Milk's first virtual reality production was a collaboration with renowned musical artist Beck titled "Sound and Vision."[34] The project was initially released online, giving viewers the choice to watch beck perform from the vantage point of different 360 degree cameras, and further allowed viewers to use their computer's mouse to change their viewing perspective.[35] Milk invented a binaural audio recording instrument[34] in order to capture sound in a 3D environment to mimic real life human experience. The result allows the audio to shift perspective in accordance with what the viewer is seeing, creating a natural virtual experience for the audience member. In the tradition of his work on The Wilderness Downtown and Rome, Milk utilized modern technologies to further expand the viewing experience: viewers could enable their computer's webcam to shift the perspective of the 360 video up, down, left and right with the tilt of their head.[36]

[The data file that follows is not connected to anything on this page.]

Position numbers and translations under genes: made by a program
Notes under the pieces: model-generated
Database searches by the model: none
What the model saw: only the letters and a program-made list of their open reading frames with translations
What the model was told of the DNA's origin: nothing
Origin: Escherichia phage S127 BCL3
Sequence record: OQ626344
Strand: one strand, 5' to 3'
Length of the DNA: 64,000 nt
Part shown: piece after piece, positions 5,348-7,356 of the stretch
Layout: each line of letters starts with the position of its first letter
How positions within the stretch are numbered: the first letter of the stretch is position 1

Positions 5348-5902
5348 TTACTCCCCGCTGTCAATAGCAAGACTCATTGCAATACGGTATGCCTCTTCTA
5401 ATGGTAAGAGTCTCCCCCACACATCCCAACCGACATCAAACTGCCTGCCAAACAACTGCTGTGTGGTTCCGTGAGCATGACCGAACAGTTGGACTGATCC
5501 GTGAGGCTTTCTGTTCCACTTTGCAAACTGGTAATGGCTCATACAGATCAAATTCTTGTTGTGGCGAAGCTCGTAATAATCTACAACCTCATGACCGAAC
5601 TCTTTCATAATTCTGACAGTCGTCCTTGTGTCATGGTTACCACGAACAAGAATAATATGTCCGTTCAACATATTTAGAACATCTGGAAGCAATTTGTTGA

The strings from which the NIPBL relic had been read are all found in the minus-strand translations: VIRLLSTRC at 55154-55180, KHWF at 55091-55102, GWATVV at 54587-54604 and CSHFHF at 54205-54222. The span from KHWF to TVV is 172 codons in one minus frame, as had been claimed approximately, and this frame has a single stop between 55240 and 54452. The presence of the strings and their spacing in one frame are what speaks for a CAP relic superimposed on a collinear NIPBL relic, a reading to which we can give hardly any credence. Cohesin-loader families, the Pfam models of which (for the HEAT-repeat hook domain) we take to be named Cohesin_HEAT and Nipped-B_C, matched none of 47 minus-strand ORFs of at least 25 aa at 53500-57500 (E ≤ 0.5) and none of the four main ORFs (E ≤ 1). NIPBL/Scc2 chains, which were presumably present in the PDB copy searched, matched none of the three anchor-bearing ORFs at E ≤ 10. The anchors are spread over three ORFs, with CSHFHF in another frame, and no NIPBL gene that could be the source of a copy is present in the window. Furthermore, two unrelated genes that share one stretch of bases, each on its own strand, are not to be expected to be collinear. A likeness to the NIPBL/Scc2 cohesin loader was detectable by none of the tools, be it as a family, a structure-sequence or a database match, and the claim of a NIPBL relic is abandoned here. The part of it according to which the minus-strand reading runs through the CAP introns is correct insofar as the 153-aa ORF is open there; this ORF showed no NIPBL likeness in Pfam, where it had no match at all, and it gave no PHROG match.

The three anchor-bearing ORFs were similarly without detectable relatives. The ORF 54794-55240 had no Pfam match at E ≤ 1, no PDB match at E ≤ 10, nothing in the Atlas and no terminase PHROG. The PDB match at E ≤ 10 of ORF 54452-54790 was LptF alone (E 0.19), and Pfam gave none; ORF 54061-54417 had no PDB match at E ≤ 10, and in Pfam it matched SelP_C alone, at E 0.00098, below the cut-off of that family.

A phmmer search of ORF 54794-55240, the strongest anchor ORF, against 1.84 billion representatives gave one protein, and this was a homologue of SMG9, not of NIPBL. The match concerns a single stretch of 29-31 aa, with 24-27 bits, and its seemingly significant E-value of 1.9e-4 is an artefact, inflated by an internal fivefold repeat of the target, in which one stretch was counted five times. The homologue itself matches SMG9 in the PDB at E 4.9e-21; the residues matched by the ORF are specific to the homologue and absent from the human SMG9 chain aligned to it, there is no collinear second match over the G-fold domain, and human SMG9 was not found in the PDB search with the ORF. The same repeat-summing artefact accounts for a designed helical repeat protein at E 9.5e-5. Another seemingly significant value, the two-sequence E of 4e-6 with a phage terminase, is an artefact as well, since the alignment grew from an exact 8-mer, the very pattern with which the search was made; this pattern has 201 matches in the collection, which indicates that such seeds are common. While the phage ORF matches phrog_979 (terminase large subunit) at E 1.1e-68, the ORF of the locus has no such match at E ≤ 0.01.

In 2014, Milk and Aaron Koblin founded Vrse, a virtual reality technology company and sister company Vrse.works.[37] Vrse is a leading virtual reality company that builds the technology to create and distribute the most innovative human stories in virtual reality.[38] Sister company Vrse.works has partnered with top talent in film and television and represents a world class roster of directors for virtual reality content creation.[39] The company has already produced award winning immersive content such as "Clouds Over Sidra" with The United Nations, and work with The New York Times, Vice, NBC, and Nike.[40] Vrse.farm is working in partnership with Megan Ellison's Annapurna Pictures to develop original cinematic work in virtual reality.[41] The Vrse app is currently available on iOS and Android, works with Google Cardboard and Samsung Gear VR, and will be available on the Oculus Rift, PlayStation VR and HTC Vive when they are released to the public in 2016.[42]

Virtual Reality Projects[edit]